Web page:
There are certain times in your life when you experience regret and frustration simultaneously.
The CBS-500 was the cause of one such event in my life. The only saving grace was that I had bought the radio from a friend and the bank account didn’t take a large hit.
This radio is a 40 channel AM base station CB radio with an internal power supply so that it can be powered with the attached AC cord. It has a very nice and simple layout with easy to reach knobs and dual function buttons in addition to a signal/power meter and a LCD digital display showing both the channel and the frequency in 5 digit form.
This radio had a lot of potential, especially with some of the scan and memory features. I especially like the dual watch feature which allowed you two monitor two channels for activity. Not something found on too many low end CB base stations (this unit retailed from $129.99 – 159.99 brand new).
The radio had a “low” button to reduce the output power for local talking. It had the standard ANL and NB features which would show up on the LCD display when activated.
Now the cool things – it had a channel scan which would scan through all 40 channels monitoring each one for 5 seconds. It also had a memory scan, where it would scan your 4 favorite channels saved in memory. The ML/MS button allowed you to store the memory channels.
The radio has a plug in the back so you can run it on DC and it had an external speaker jack as well ( the stock internal speaker isn’t anything to brag about).
I had high hopes for this radio, especially since there was what seemed a very simple frequency modification that could be done to open up 25.165 – 29.655.
Export Frequency Conversion
1.Remove the top cover and look at the circuit board on the back of the faceplate.
2.Locate the jumper close to the CPU chip LC7232.
3.Move this jumper off of the pins that it’s on and put it on the side.
4.Once the channel modification has been done press channel 9-19 button and hold and turn on the radio. After this modification use the 1 button to select different bands of 40 channels.
But here’s where the trouble began.
The FCC found out how easily convertible this radio was and they didn’t like that of course. So they complained to Cherokee and then the manufacturer had to make it a little harder to convert.
They accomplished this by adding some type of un-godly plastic substance to the back of the circuit boards effectively covering the area where the modification would need to be performed.
The radio I had bought was one of these later models and had the impenetrable substance all over the board. Now I’ve seen a lot of different types of plastic, rubber and glue, but whatever they used on this thing stumped me like nothing else. I tried everything in my arsenal to remove the grey substance but to no avail. I didn’t want to damage the radio so there was a limit where I stopped myself (shortly before getting out my hammer and chisel).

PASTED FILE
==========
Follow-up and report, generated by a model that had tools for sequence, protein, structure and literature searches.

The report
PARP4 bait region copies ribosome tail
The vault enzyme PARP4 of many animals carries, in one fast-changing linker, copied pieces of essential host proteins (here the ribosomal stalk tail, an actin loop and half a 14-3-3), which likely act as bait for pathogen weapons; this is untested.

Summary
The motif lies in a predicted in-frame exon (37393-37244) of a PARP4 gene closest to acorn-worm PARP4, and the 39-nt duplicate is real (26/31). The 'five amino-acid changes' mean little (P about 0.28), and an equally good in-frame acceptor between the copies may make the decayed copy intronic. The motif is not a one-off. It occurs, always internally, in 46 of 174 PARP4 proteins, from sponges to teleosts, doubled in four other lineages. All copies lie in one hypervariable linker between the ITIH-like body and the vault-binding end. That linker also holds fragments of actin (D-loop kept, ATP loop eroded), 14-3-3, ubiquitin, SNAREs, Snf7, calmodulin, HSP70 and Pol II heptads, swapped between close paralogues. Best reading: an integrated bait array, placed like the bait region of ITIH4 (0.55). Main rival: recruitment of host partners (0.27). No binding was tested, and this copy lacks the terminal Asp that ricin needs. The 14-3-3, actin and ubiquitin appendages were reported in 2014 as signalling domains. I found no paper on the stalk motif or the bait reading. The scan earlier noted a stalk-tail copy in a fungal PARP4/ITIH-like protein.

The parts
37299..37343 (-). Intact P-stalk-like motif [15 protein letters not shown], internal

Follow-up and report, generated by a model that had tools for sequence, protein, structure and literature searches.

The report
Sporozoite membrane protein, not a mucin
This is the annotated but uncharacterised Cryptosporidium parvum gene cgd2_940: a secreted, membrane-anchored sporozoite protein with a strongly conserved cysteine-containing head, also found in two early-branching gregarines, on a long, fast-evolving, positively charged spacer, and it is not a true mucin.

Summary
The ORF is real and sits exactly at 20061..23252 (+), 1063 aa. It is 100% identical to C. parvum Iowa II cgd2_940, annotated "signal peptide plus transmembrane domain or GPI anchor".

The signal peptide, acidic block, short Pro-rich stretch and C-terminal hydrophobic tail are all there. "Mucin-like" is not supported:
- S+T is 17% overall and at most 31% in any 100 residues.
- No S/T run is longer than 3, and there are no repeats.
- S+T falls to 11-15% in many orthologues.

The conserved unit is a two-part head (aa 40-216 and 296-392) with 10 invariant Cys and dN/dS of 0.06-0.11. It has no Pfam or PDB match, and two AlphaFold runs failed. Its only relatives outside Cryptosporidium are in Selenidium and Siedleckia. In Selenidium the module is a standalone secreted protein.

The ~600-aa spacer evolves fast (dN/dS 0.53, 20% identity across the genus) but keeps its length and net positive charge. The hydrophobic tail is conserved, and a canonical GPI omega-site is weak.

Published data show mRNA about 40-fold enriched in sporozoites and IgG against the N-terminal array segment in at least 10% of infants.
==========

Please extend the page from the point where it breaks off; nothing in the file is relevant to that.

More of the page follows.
Alas, my radio was never to experience the full frequency coverage possible (which was one of the most desirable reasons to own this radio).
So I used this radio for some basic 40 channel talking and here’s what I found.
The memory features were very cool, the radio felt solidly built and the knobs and buttons all worked very well. The LCD display and backlight were good and it was easy to read. Having the different features show up on the LCD when activated was also very cool.
The radio itself was not a big modulator. It was downright quiet. I added a very powerful desk mike and was able to get some reasonable modulation of out it but really nothing spectacular. I’m sure by removing limiters and such you could get a bit more out of it, but without turning it into a splatterbox it had average audio output.
The receive was a little noisy but bearable, although it really seemed to like to pick up static more than other stations. As with many new units I found the receive to be weak compared to a Cobra 142GTL or even a Uniden Dwight D.
The stock microphone is crap of course. I would suggest a good desk mike if you decide to run one of these radios.
My complaints about this radio really aren’t about its design or layout. I really liked the options it provided and it seemed like a fairly well built unit. But as with many of the new bargain priced radios it could have been so much better. A little more work on the modulation circuit, a little better receiver and it might have been a great radio.
Add the amazing goo that can’t be removed and prevented my frequency conversion to the other disappointing test results and you have a radio that I would pass by for just about anything else.
It will transmit and receive and you might see a solid 12 watts swing on transmit, but that’s really all you can expect out of this radio. If you can get your hands on one of the older models before they started adding the goo you could have some fun with it in the freebands or as a 10 meter rig, but the performance will still be lacking. If you must have a scan function or you like the dual watch feature than it is one of the few radios offering up those kind of things, but the real job of any radio in the end is to be able to talk to other stations and this radio really wasn’t anything special.